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The move, made on the final hill of the day, had no effect on the general classification, however, with Marc Hirschi (UAE Team Emirates) securing the yellow jersey after an aggressive finale in Luxembourg.
Alex Aranburu (Movistar) and Franck Bonnamour (AG2R Citroën) rounded out the podium from the late attack, which was made 7km from the line.
“It’s so hard to win this kind of bike race,” Johannessen said after the stage. “The level in this race has been incredibly high, so, to be honest, I thought it would be impossible for us to win.
“It was a really hard start and a hard day, and I know that after a hard day, my legs could still be good. So, we just continued to believe. We decided to go for it, and I’m really happy to get the win today.
“Of course, I thought it would be impossible to get away, but sometimes, when you come from the back, and the group stops, then you can go. If nobody follows straight away, it can be hard for them. I knew I wanted a victory this season, so I knew that if I got a gap, I could go full gas and probably get to the line. In the end, it worked out.”
UAE Team Emirates had kept control at the head of the peloton, neutralising dangerous moves and helping Hirschi take two bonus seconds two laps out.
Attacks flew at the front on the hilly closing circuit, but nothing stuck until a sizeable group went clear on the final lap.
Johannessen was in there along with the likes of Bob Jungels (Bora-Hansgrohe), Julian Alaphilippe (Soudal-QuickStep), and Natnael Tesfatsion (Lidl-Trek), though nobody in the group posed any GC threat.
As a result, the 13-man attack got clear and were allowed to battle it out for the stage win. It was the Norwegian who eventually prevailed, taking a flier on the last uphill rise to steal a march on his rivals and get a gap.
He’d solo home over the final 2km to win by eight seconds from Aranburu, while Hirschi finished safely in the peloton at 22 seconds, his title in the bag. He won the race by three seconds from his UAE Team Emirates teammate Brandon McNulty, while Ben Healy (EF Education-EasyPost) rounded out the overall podium at five seconds down.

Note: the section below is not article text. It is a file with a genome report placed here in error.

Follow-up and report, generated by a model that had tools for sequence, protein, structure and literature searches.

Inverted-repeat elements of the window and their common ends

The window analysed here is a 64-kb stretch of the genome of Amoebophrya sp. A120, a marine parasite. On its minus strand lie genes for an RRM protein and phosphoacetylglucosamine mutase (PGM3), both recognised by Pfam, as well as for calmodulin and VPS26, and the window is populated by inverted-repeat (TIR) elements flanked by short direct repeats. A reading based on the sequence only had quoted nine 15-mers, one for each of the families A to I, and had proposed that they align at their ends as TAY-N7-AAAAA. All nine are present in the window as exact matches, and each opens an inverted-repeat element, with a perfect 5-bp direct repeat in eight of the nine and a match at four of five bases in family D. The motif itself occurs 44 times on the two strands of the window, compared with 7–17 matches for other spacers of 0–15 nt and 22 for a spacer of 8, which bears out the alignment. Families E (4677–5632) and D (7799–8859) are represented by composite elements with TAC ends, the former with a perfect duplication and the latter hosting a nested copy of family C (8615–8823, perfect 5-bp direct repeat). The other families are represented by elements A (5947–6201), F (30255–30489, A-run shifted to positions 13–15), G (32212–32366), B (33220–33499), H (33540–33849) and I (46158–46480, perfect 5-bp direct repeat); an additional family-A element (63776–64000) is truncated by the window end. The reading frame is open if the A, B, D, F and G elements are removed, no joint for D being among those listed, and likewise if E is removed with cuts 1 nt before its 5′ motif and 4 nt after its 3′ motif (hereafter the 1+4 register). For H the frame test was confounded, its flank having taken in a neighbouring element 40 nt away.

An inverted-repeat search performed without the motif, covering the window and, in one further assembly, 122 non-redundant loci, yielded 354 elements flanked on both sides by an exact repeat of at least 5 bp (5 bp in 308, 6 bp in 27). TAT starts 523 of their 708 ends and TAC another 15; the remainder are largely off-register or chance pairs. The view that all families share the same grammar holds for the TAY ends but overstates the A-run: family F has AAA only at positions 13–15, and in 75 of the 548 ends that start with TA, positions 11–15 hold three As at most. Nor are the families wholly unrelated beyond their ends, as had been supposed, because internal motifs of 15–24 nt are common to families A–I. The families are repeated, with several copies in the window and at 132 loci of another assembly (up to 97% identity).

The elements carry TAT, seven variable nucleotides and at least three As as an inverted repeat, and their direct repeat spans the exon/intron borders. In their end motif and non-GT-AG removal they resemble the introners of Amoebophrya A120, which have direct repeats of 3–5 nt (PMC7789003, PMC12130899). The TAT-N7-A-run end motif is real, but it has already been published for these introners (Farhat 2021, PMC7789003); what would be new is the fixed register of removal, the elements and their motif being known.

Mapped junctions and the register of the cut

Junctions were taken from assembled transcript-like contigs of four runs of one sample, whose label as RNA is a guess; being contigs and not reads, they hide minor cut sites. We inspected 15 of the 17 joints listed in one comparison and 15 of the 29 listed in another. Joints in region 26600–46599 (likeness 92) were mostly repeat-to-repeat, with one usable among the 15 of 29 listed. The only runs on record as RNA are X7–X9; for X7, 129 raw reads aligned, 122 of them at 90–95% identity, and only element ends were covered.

“It was very stressful,” Hirschi said of the stage. “A big break went at the start, and it was very good for us. But Jumbo-Visma, AG2R-Citroën, Arkéa-Samsic, and Alpecin-Deceuninck weren’t happy, and it was full gas all day to bring back the breakaway. Then, on the steep climbs, I just watched out for Ben because he was so close in seconds.
“In the end, it was good that a small group made it to the finish, so I was safe with the bonus seconds. In the end, I had five seconds on Ben, and it was enough. My legs were tired today, so I was happy that the break could take the bonus seconds.
“I had a very strong team with me, so basically, I just knew I needed to watch Ben. I still had Diego Ulissi, Felix Großschartner, and Brandon McNulty, in case, so that made me kind of relaxed. I knew that these guys could bring back many guys. I had to watch out for Ben, and luckily, I could follow him.”
How it unfolded
The 177.2km stage was fast-paced and aggressive from the start, with the break of the day taking over 60km to form as the likes of Jumbo-Visma and AG2R Citroën chased down move after move during the early hills.
Several strong riders, including Magnus Cort (EF Education-EasyPost), Andrea Bagioli (Soudal-QuickStep), and Marco Haller (Bora-Hansgrohe) made the eventual move, while stage 4 winner Victor Campenaerts (Lotto-Dstny) and Julian Alaphilippe (Soudal-QuickStep) bridged across at 110km to go to make it 12 out front.
Back in the peloton, the same mix of teams continued to work to hold the gap low, with Jumbo-Visma particularly active, having missed the attack. The gap to the break held around the minute mark at the mid-point of the day before attacks started at the front inside the final 60km.
Bagioli would eventually go clear alone heading into the last 50km of the day, the Italian pushing on alone even as the remainder of the break was eventually caught. He’d persevere until the final circuit but would only last until the hill at 26km to go, prompting fresh counters.
At that point, Richard Carapaz (EF Education-EasyPost) launched his big move, pushing on solo and leading across the line at two laps to go just after Hirschi snatched two bonus seconds at the line.
He held a small gap to 10 seconds, one that was bridged by Bingoal WB rider Alexis Guerin at 18km to go. The pair built a 20-second lead, but with the pace upping behind, they’d only last until the 10km marker inside the final lap.
Multiple attackers made their move 7km out, forming the victorious move after Ewen Costiou (Arkéa-Samsic) kicked off the new wave of aggression. However, luckily for UAE Team Emirates, none of Hirschi’s main rivals were out front, leaving the new break free to contest the finish.
More attacks at the front came as the finish line edged nearer, though it was Johannessen who had the nous and strength to go clear, jumping from the rear of the group to take the rest by surprise before soloing home for the fourth victory of his pro career.
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